How do we show that $||x||_{\infty}\leq||x||_1\leq n||x||_{\infty}$?

Consider a normed vector space $$(\mathbb{R}^n,\mathbb{R},||\cdot||_p)$$. For any $$x\in\mathbb R^n$$, we want to show the following:

$$||x||_{\infty}\leq||x||_1\leq n||x||_{\infty}.$$

I remember from metric spaces that we can define $$u_i=|x_i-y_i|$$ for all $$i$$ where $$x=(x_1,\ldots,x_n)$$ and $$y=(y_1,\ldots,y_n)$$. Hence, we have $$||x||_{\infty}=\max\{u_1,\ldots,u_n\}$$ and $$||x||_1=\sum_{i=1}^{n}u_i$$.

By the fact $$|x_i-y_i|\leq\max|x_i-y_i|$$ for all $$i$$, we have that $$u_1+\cdots+u_n\leq\max u_1+\cdots+\max u_n$$ which proves the second inequality.

I am not sure how to show the first inequality rigorously. Intuitively it makes sense that the sum of all positive differences of $$x$$ and $$y$$ have to be greater than the maximum of one difference.

I'd appreciate any hint or help. Thank you.

• Your understanding of the definitions of norms is not correct, check en.wikipedia.org/wiki/Norm_(mathematics)#p-norm, but your reasoning is (almost) correct for the second inequality. Correct it using the right definitions of norms. The first inequality follows because you sum over all $|x_i|$ in $||x||_1$, but only take the largest $|x_i|$ in $||x||_{\infty}$. – B.Swan Mar 18 at 2:50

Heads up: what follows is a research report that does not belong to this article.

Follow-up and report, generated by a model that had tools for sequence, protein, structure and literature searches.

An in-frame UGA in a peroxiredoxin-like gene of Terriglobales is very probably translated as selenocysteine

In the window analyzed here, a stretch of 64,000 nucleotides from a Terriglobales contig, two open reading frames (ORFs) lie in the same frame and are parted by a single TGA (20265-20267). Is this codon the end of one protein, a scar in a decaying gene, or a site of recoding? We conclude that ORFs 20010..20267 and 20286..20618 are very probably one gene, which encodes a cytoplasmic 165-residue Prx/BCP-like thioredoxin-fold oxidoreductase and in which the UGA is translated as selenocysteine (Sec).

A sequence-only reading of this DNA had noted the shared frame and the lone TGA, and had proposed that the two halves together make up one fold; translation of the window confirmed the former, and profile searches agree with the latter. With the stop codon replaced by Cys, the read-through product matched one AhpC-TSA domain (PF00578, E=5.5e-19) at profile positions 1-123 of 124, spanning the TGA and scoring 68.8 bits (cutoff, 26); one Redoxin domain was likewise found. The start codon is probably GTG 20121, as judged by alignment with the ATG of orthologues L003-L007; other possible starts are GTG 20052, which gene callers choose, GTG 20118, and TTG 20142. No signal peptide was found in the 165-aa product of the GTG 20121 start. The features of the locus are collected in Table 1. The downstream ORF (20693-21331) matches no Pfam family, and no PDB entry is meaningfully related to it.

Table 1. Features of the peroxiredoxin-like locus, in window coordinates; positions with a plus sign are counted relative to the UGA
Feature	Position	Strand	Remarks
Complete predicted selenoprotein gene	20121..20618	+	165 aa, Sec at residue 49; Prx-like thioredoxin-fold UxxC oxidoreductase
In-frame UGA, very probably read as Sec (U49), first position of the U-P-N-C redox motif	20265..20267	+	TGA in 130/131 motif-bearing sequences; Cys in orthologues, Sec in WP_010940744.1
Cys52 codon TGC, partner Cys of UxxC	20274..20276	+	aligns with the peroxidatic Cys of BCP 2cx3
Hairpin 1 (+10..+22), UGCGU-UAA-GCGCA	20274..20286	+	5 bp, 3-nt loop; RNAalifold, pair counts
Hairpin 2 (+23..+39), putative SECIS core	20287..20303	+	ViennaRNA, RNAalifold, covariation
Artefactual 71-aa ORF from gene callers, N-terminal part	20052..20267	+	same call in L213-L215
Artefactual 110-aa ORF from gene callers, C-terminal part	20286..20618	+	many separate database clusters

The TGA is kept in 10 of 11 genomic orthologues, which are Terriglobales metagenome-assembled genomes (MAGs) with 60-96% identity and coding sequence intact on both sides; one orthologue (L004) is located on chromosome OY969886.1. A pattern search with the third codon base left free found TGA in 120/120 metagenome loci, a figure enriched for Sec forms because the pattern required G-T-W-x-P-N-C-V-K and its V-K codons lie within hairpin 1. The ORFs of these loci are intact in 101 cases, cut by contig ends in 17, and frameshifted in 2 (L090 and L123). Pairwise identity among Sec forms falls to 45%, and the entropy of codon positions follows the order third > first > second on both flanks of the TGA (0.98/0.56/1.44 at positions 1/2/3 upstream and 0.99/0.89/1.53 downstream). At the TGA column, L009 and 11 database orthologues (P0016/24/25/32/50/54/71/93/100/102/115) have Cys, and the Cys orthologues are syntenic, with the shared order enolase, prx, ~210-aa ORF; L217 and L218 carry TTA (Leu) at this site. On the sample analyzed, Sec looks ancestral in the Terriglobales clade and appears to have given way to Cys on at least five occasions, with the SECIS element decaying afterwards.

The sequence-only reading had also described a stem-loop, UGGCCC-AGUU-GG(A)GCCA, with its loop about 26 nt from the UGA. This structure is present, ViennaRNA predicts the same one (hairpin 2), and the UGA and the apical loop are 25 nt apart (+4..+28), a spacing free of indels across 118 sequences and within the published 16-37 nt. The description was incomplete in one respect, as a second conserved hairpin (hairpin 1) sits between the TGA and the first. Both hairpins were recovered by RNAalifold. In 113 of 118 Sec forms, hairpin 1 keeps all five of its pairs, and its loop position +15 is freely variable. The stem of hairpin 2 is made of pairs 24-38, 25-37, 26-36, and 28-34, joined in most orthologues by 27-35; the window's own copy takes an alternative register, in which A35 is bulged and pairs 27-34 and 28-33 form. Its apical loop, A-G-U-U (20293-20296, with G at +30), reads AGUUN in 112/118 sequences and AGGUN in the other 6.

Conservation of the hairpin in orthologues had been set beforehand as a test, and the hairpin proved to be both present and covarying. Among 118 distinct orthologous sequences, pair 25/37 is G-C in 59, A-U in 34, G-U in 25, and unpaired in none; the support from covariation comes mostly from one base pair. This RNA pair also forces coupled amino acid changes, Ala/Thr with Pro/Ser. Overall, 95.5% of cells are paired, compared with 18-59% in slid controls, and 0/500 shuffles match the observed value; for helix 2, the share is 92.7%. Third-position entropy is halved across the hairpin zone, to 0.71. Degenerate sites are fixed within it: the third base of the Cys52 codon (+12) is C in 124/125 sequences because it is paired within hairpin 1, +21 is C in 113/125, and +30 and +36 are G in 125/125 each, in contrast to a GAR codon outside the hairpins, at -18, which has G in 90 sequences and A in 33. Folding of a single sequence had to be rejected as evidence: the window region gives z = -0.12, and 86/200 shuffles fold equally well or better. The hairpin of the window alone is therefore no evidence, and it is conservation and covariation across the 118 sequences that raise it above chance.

You are putting a $$y$$ in the mix that you don't need.
As you say, you have $$\|x\|_1=\sum_j|x_j|\leq\sum_j\|x\|_\infty=n\|x\|_\infty.$$ Also, if $$k$$ is such that $$\|x\|_\infty=|x_k|$$, then $$\|x\|_\infty=|x_k|\leq\sum_j|x_j|=\|x\|_1.$$
By definition, $$||x||_{\infty}=\max\{|u_1|,\ldots,|u_n|\} = |u_p|,$$ for some $$1 \leq p \leq n$$. Clearly, $$|u_p| \leq \sum_1^n |u_i| = ||x||_{1}.$$